Thursday, July 11, 2013

News from the Planning Commission

Four projects of interest came before the Planning Commission on Wednesday night--one that has been making its way through the approval process in recent months; three that have reappeared after being off the radar for a year or more.

After a public hearing on the elevator tower proposed for the Hudson Opera House, at which the audience consisted of Historic Preservation Commission chair Rick Rector, Register-Star reporter John Mason, and Gossips, the Planning Commission convened its regular meeting, and the five members present (Don Tillson, Cappy Pierro, Cleveland Samuels, Claudia DeStefano, and Gail Grandinetti) voted unanimously to approve the site plan for the elevator tower, on two conditions: the Zoning Board of Appeals grants the needed area variances, and the Historic Preservation Commission gives the project a certificate of appropriateness. The Planning Commission also voted unanimously to recommend to the ZBA that the variances be granted. That leaves the HPC as the elevator tower's only remaining hurdle.

Gossips got a glimpse last night of the revised design that the HPC will be considering tomorrow morning, which may not achieve the outcome they are seeking.

It seems that at the basis of the struggle that the HPC is having with the elevator tower is that they are hoping for a tower that would be to the Hudson Opera House what I. M. Pei's pyramid is to the Louvre, and they're not getting it.

It is sometimes torturous to listen as members of HPC try mightily to critique, based on the principles of compatibility, a design that has already been approved by the agencies who wrote the book on compatibility--the New York State Historic Preservation Office and the National Parks Service. It would seem that the hard part of their job has already been done. Preservation professionals at the state and federal level have already approved the compatibility of the original design. All the HPC needs to do is accept their judgment.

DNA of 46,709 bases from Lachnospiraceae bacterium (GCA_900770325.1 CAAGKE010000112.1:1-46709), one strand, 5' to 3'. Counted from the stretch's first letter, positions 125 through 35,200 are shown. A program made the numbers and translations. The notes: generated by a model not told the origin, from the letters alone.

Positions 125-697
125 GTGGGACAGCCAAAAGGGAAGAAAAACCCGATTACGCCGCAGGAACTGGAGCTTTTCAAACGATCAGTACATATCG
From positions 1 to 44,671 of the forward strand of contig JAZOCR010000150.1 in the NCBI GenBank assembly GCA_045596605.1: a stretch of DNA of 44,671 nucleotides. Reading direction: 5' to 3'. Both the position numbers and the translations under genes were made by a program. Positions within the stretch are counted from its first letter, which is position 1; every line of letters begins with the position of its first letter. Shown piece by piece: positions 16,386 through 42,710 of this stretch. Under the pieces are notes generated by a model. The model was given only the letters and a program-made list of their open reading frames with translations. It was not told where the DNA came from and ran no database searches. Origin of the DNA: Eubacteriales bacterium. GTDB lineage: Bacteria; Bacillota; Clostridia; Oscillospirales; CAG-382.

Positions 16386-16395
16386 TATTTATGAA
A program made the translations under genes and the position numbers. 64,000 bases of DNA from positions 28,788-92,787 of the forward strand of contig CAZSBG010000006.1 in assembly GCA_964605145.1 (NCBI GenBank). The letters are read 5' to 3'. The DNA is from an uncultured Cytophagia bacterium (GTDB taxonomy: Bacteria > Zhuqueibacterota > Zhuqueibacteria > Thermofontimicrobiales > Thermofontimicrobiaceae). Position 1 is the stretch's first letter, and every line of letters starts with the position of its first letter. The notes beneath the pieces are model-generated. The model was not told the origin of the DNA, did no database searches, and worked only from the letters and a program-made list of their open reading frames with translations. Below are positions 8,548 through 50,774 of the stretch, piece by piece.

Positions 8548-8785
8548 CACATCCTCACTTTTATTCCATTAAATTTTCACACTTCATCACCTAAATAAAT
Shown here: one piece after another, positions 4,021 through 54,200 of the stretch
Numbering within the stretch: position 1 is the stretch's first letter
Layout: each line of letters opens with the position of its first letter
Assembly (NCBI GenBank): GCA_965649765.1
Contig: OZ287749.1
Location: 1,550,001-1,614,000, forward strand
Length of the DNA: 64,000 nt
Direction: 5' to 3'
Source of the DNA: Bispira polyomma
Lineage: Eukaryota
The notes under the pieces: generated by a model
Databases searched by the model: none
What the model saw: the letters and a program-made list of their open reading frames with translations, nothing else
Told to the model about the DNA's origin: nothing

In a way, it's heroic that the HPC has set the bar higher. For this major building in the heart of Hudson, which HPC member Phil Forman has more than once called "iconic," compatibility alone is not enough. The HPC seems to be committed to preserving and enhancing the quality of Hudson architecture by holding out for a design for the elevator tower that is stunning, spectacular, exciting.

The HPC continues its review of the elevator tower tomorrow morning, Friday, July 12, at 10 a.m.

Megan Wurth, executive director for the PARC Foundation, was at the meeting to seek approval from the Planning Commission for the transfer of a strip of land needed to complete the proposed linear park in the 300 block, extending from Columbia Street to State Street. The transfer is from Columbia County to the City of Hudson.